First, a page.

An official reached by phone at the press office of the Xinjiang Public Security Bureau, the region's police, said she had only seen news of the violence on the Internet and had no information. Other officials at the county's propaganda department and police said they also had no details. Calls to the region's government spokeswoman, Hou Hanmin, rang unanswered.
Though it remained unclear what caused Wednesday's violence, police stations, government offices and other symbols of Han Chinese authority have been targets of attacks in the past. The attack occurred at 6 a.m., when most residents would still be asleep.
The report said three assailants were seized, and that police pursued fleeing suspects, though it did not say how many. It said three people were injured by the unrest and were being treated.
The violence came two months after a deadly clash in a town near Kashgar, elsewhere in Xinjiang, killed 21 people, including 15 police officers and community workers.
An overseas Uighur activist said Wednesday's conflict was triggered by the Chinese government's "sustained repression and provocation" of the Uighur community.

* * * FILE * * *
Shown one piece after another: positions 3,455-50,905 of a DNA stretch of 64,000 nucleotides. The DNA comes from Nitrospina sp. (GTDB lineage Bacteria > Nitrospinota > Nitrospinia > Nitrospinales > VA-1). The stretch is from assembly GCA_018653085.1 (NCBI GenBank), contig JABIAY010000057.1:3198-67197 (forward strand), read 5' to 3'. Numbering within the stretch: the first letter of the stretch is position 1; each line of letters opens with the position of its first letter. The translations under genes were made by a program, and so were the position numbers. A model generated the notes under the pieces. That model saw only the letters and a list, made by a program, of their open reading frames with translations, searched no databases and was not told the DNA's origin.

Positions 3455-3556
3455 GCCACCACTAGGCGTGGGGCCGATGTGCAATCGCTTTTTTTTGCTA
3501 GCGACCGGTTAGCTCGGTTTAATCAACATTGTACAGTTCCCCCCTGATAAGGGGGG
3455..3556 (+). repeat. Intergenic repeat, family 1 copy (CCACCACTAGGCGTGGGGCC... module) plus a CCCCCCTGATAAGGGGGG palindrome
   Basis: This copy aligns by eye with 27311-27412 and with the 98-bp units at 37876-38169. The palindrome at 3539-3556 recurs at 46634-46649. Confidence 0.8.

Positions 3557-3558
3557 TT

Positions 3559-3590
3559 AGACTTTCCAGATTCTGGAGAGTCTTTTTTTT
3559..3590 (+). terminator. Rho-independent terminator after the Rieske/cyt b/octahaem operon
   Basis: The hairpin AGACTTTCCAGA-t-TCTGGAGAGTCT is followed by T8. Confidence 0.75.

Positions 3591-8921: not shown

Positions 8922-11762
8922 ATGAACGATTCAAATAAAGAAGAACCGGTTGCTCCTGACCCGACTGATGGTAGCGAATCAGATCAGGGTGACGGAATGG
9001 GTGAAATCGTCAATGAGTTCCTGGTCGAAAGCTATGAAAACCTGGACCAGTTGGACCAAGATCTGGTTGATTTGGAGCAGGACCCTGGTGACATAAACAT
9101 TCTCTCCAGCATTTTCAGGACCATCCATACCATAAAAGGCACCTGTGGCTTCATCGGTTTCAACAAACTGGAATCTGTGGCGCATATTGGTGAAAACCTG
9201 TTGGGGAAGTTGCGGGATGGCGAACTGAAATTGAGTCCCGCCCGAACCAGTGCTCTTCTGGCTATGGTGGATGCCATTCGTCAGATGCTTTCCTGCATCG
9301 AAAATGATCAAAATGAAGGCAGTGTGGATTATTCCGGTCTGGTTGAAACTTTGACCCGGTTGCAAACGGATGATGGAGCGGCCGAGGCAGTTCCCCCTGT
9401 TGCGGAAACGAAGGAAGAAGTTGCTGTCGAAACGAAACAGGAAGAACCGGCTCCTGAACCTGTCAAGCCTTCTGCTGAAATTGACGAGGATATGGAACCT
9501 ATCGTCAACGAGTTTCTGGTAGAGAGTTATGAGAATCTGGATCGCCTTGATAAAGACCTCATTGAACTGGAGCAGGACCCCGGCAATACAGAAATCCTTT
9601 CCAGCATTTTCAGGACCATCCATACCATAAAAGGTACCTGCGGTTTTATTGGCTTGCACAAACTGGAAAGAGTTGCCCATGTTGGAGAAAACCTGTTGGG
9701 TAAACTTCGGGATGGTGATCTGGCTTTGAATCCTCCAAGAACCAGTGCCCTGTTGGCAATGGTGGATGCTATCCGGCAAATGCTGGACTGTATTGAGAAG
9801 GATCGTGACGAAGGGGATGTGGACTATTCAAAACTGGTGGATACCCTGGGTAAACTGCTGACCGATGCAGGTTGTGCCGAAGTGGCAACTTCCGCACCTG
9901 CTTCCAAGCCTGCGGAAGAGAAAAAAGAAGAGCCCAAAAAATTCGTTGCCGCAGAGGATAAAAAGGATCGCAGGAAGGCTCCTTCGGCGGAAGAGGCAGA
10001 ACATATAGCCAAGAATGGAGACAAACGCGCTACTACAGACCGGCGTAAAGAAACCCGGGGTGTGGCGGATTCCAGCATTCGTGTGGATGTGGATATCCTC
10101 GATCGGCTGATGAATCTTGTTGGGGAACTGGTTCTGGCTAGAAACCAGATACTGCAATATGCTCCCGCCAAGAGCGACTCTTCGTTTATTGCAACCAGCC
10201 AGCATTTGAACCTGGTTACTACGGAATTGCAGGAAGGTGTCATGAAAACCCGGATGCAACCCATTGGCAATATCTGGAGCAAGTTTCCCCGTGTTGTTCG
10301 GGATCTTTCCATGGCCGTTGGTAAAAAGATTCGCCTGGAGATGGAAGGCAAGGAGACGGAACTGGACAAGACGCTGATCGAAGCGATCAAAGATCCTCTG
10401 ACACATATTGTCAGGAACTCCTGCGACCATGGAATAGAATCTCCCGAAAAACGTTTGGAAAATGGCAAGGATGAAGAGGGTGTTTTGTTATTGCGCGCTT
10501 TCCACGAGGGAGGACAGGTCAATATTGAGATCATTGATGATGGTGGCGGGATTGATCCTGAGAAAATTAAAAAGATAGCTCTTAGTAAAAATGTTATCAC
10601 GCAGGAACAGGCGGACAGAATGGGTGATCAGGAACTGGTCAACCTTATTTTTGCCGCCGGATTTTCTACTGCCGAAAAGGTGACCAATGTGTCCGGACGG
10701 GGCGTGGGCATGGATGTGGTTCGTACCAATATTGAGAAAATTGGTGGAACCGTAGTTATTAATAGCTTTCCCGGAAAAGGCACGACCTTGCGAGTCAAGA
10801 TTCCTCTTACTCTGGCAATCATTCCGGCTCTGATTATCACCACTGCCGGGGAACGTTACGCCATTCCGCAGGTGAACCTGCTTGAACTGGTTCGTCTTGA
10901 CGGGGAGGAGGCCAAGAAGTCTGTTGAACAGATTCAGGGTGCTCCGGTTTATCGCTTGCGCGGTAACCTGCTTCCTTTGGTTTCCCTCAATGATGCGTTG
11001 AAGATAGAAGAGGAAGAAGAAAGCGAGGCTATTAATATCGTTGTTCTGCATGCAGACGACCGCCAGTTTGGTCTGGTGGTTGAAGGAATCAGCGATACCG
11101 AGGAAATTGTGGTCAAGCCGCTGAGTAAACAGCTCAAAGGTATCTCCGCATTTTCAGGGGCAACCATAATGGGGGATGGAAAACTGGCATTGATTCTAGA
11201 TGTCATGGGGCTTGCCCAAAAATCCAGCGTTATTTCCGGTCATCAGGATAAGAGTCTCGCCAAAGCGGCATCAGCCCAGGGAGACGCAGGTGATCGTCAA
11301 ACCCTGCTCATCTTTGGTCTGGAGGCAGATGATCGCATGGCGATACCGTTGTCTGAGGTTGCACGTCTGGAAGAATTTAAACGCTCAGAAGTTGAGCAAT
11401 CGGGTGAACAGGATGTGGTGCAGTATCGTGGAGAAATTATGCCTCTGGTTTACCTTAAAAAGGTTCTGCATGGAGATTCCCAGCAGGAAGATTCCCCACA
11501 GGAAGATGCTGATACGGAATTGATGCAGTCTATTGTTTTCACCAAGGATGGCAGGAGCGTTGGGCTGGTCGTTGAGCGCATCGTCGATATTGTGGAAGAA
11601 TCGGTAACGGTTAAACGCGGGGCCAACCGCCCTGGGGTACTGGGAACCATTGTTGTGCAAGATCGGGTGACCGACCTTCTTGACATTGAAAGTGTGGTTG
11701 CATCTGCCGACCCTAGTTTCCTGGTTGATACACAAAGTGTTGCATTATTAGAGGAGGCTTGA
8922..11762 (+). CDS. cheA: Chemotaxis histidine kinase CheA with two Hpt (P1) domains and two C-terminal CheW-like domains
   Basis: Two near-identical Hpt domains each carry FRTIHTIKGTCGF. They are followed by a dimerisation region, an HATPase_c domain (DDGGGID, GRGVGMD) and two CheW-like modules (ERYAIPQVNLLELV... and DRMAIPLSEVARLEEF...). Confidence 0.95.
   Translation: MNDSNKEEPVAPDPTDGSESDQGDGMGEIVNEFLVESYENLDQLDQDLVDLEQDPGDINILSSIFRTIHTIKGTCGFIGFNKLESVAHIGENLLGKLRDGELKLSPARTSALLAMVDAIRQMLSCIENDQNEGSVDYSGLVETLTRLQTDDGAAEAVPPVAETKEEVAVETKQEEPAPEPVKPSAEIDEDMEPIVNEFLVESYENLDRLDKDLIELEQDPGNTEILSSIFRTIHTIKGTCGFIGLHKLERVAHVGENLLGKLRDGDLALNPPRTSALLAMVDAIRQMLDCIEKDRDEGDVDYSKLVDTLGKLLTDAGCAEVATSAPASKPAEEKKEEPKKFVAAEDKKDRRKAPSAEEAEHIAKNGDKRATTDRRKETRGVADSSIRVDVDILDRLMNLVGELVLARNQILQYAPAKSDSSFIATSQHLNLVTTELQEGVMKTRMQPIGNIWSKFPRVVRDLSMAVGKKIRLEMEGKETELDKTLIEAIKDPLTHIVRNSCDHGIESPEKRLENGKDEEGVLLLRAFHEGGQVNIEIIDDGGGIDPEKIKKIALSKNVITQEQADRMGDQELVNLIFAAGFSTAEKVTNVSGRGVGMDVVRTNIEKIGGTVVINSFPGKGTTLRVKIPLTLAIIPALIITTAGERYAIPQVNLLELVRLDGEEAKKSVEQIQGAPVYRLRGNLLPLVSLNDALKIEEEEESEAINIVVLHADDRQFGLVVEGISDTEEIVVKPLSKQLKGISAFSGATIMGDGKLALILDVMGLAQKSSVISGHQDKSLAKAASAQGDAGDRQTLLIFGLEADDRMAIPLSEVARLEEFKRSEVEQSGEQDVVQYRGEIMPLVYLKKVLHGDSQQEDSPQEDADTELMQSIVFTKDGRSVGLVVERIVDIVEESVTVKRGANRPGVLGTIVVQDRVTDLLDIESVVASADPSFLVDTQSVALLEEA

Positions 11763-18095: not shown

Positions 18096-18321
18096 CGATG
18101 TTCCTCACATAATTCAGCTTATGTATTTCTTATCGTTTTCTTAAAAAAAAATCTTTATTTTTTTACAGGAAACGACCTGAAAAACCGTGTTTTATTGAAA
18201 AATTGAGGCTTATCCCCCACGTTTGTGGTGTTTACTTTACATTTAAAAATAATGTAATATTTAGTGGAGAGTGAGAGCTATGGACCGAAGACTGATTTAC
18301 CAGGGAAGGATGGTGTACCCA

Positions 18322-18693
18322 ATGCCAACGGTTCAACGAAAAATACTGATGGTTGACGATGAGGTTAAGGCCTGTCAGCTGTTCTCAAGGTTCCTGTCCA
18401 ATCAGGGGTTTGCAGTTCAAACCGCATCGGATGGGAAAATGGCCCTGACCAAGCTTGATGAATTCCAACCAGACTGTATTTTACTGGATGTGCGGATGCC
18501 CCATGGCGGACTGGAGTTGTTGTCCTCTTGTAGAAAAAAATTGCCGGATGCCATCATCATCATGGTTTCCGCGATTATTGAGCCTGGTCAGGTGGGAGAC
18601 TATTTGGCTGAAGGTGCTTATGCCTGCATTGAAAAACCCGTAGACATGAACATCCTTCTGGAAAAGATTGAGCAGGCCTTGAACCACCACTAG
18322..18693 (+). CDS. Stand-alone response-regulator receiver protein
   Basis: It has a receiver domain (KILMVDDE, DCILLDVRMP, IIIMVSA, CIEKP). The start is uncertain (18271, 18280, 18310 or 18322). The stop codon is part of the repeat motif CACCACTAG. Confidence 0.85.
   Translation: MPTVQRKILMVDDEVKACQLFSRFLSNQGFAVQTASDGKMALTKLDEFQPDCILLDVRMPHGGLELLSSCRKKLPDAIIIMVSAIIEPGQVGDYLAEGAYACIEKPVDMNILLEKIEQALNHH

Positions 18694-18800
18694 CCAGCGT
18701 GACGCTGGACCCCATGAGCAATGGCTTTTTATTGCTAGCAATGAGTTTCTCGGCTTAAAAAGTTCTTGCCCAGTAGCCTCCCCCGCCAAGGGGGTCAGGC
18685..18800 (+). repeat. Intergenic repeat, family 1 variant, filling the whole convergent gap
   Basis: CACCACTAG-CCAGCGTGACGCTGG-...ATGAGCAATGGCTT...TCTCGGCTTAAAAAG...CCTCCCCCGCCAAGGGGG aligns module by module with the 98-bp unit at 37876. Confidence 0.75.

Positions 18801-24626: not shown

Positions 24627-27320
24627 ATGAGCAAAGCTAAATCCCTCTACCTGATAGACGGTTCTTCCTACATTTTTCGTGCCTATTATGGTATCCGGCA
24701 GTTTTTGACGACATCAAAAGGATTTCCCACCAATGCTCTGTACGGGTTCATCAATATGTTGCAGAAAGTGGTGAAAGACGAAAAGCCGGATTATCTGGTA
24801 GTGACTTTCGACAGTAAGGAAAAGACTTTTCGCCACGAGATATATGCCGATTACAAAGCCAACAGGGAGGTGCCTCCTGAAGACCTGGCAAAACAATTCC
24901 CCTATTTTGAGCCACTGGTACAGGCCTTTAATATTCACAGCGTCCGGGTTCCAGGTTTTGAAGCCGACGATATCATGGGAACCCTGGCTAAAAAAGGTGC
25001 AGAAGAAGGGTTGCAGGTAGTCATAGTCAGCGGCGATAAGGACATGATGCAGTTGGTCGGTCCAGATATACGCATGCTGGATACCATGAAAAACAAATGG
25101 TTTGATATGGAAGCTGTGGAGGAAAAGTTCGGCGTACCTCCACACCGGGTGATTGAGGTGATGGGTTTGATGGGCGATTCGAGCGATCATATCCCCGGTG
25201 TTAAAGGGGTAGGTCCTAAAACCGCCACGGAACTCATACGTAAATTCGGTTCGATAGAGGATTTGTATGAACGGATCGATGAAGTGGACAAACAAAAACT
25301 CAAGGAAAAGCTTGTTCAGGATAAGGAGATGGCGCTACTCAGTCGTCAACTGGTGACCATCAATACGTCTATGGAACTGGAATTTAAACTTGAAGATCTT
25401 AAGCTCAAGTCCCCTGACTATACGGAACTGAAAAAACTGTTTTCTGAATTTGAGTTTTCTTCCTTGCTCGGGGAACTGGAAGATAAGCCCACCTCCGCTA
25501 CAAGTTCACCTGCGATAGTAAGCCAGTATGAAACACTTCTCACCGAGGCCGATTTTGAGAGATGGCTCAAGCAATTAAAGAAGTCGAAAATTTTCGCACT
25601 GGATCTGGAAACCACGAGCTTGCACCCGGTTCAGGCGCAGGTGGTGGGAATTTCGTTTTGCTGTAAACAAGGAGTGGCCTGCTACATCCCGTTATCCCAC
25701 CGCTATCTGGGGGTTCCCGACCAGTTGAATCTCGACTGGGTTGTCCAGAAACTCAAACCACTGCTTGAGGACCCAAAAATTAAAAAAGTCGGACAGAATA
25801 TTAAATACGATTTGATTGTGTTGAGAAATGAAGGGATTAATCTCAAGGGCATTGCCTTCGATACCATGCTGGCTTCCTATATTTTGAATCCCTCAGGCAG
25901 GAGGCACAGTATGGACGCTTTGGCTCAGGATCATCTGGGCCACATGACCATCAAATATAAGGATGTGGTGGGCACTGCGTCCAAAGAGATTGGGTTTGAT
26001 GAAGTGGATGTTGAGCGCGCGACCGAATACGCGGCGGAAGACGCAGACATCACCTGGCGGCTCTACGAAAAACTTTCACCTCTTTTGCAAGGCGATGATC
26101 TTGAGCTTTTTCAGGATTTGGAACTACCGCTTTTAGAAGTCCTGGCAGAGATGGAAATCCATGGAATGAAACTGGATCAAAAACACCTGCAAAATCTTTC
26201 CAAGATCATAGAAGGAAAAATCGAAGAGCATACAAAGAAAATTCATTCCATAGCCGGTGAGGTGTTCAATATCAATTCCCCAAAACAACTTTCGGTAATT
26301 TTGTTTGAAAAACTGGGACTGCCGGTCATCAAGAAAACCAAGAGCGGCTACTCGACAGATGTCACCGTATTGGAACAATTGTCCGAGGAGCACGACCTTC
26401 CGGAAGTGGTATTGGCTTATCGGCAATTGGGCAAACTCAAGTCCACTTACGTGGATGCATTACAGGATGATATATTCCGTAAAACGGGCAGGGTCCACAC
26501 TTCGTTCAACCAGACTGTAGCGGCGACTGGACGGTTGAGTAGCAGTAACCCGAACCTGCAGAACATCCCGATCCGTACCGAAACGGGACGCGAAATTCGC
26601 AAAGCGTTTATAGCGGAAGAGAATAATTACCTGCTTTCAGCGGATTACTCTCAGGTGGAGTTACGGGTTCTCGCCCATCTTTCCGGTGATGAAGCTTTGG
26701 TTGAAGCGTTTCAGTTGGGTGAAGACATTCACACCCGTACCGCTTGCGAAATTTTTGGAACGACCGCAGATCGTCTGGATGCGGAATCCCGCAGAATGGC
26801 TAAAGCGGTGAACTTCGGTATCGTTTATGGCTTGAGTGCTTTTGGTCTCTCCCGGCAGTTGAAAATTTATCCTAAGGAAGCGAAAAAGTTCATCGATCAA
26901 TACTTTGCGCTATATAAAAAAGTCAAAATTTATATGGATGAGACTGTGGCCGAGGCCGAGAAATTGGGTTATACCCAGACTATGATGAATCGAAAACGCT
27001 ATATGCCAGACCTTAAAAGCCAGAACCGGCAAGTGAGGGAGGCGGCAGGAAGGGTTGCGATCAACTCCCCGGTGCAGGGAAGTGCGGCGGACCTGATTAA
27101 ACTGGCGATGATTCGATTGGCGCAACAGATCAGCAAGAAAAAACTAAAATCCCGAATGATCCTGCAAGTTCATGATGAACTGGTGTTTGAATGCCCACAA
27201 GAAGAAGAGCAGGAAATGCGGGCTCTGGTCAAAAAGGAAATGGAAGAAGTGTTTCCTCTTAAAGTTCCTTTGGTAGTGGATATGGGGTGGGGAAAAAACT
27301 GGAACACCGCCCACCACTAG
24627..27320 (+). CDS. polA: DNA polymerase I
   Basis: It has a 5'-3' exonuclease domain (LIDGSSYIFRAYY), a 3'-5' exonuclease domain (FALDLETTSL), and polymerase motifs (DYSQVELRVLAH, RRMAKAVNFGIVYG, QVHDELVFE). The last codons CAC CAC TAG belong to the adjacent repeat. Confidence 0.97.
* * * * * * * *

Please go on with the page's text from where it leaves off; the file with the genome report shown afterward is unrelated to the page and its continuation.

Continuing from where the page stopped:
Dilxat Raxit, spokesman for the Germany-based World Uyghur Congress, said residents he contacted in neighborhoods about 30 kilometers (18 miles) outside the township said the area has been sealed by "armed forces" and telephone services appeared to be irregular. A heavy security deployment and disruption of communications services also followed the 2009 Urumqi riots.
Dilxat Raxit urged the international community to pressure China to "stop imposing policies in Xinjiang that cause turmoil." Many Uighurs complain that Beijing imposes tight restrictions on their religious and cultural life, barring children and women from attending mosques and discouraging fasting during the Muslim month of Ramadan, which starts this year in early July.